Homing endonuclease, LAGLIDADG/HNH (IPR001982)

Short name: Endonuc_LAG/HNH

Domain relationships


The LAGLIDADG and HNH domains of site-specific DNA endonucleases encoded by viruses, bacteriophages as well as archaeal, eukaryotic nuclear and organellar genomes are characterised by the sequence motifs 'LAGLIDADG' and 'HNH', respectively [PMID: 9187655, PMID: 9254693]. Phylogenetic analysis of the two domains indicates a lack of exchange of endonucleases between different mobile elements (environments) and between hosts from different phylogenetic kingdoms. However, there does appear to have been considerable exchange of endonuclease domains amongst elements of the same type. Such events are suggested to be important for the formation of elements of new specficity [PMID: 9358175].

'Homing' is the lateral transfer of an intervening genetic sequence, either an intron or an intein, to a cognate allele that lacks that element. The end result of homing is the duplication of the intervening sequence. The process is initiated by site-specific endonucleases that are encoded by open reading frames within the mobile elements. These endonucleases may be contrasted with a variety of enzymes involved in nucleic acid strand breakage and rearrangement, particularly restriction endonucleases. They are encoded within the intervening sequence and there are interesting limitations on the position and length of their open reading frames, and therefore on their structures. These enzymes display a unique strategy of flexible recognition of very long DNA target sites. This strategy allows these sequences to minimize nonspecific cleavage within the host genome, while maximizing the ability of the endonuclease to cleave closely related variants of the homing site [PMID: 10487208].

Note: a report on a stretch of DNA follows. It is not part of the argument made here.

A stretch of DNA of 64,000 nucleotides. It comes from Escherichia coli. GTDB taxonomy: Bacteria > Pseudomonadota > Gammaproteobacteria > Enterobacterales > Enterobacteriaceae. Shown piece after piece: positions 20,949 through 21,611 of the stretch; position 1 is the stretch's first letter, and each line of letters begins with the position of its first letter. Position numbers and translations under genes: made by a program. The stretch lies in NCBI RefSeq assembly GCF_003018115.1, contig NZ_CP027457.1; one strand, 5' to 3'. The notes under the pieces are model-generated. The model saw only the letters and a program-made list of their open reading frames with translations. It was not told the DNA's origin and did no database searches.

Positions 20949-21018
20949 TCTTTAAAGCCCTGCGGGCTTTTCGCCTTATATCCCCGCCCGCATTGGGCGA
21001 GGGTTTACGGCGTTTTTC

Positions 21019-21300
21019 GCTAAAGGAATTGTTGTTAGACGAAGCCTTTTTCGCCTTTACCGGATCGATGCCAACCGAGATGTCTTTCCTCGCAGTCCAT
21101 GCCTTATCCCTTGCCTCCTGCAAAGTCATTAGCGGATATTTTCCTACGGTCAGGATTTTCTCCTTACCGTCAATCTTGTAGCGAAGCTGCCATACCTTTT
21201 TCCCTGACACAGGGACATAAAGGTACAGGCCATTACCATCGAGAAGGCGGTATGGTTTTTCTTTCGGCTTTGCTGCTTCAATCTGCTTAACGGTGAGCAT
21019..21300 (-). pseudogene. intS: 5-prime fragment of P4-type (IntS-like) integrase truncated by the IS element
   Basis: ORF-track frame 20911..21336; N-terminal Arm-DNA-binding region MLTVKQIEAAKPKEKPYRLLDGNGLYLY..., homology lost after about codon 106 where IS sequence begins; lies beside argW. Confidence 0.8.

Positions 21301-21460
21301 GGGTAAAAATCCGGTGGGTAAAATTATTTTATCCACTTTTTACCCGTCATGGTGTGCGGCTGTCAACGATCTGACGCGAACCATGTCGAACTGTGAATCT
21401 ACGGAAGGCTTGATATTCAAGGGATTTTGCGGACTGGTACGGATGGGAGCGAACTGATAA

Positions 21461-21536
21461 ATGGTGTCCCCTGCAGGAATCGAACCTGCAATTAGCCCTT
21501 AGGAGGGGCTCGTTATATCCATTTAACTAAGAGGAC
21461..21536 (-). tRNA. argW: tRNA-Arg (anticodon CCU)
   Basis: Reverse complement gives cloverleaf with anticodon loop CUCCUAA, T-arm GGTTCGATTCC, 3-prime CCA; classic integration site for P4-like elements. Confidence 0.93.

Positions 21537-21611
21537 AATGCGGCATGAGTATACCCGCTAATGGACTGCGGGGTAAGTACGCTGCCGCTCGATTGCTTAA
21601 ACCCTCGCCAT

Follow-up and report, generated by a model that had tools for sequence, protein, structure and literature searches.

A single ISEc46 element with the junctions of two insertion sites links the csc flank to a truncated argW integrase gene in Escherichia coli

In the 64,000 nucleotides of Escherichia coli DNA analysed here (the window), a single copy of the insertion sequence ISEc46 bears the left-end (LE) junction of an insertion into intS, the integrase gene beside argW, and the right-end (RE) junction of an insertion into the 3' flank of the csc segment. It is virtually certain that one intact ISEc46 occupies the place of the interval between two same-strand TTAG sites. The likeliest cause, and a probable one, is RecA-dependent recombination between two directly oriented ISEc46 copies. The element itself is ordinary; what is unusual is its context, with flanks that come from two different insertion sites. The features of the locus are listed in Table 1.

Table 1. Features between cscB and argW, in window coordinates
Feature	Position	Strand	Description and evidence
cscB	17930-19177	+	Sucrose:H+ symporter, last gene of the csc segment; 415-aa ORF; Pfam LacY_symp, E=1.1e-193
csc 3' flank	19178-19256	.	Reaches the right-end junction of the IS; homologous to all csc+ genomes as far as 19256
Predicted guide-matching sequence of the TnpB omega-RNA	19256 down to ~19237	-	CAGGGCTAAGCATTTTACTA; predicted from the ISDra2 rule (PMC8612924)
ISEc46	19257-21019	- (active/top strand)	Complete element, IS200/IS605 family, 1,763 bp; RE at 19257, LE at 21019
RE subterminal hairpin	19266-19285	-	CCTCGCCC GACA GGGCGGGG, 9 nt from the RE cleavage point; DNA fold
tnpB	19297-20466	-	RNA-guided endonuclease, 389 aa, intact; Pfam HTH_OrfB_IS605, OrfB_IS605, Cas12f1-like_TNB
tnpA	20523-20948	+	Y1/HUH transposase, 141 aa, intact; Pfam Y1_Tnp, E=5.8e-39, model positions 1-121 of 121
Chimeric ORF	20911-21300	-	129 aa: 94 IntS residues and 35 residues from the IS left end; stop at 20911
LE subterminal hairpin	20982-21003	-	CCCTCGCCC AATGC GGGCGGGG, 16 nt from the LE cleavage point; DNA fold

GO terms

Biological Process

GO:0006314 intron homing

Molecular Function

GO:0003677 DNA binding
GO:0004519 endonuclease activity

Cellular Component

No terms assigned in this category.

Contributing signatures

Signatures from InterPro member databases are used to construct an entry.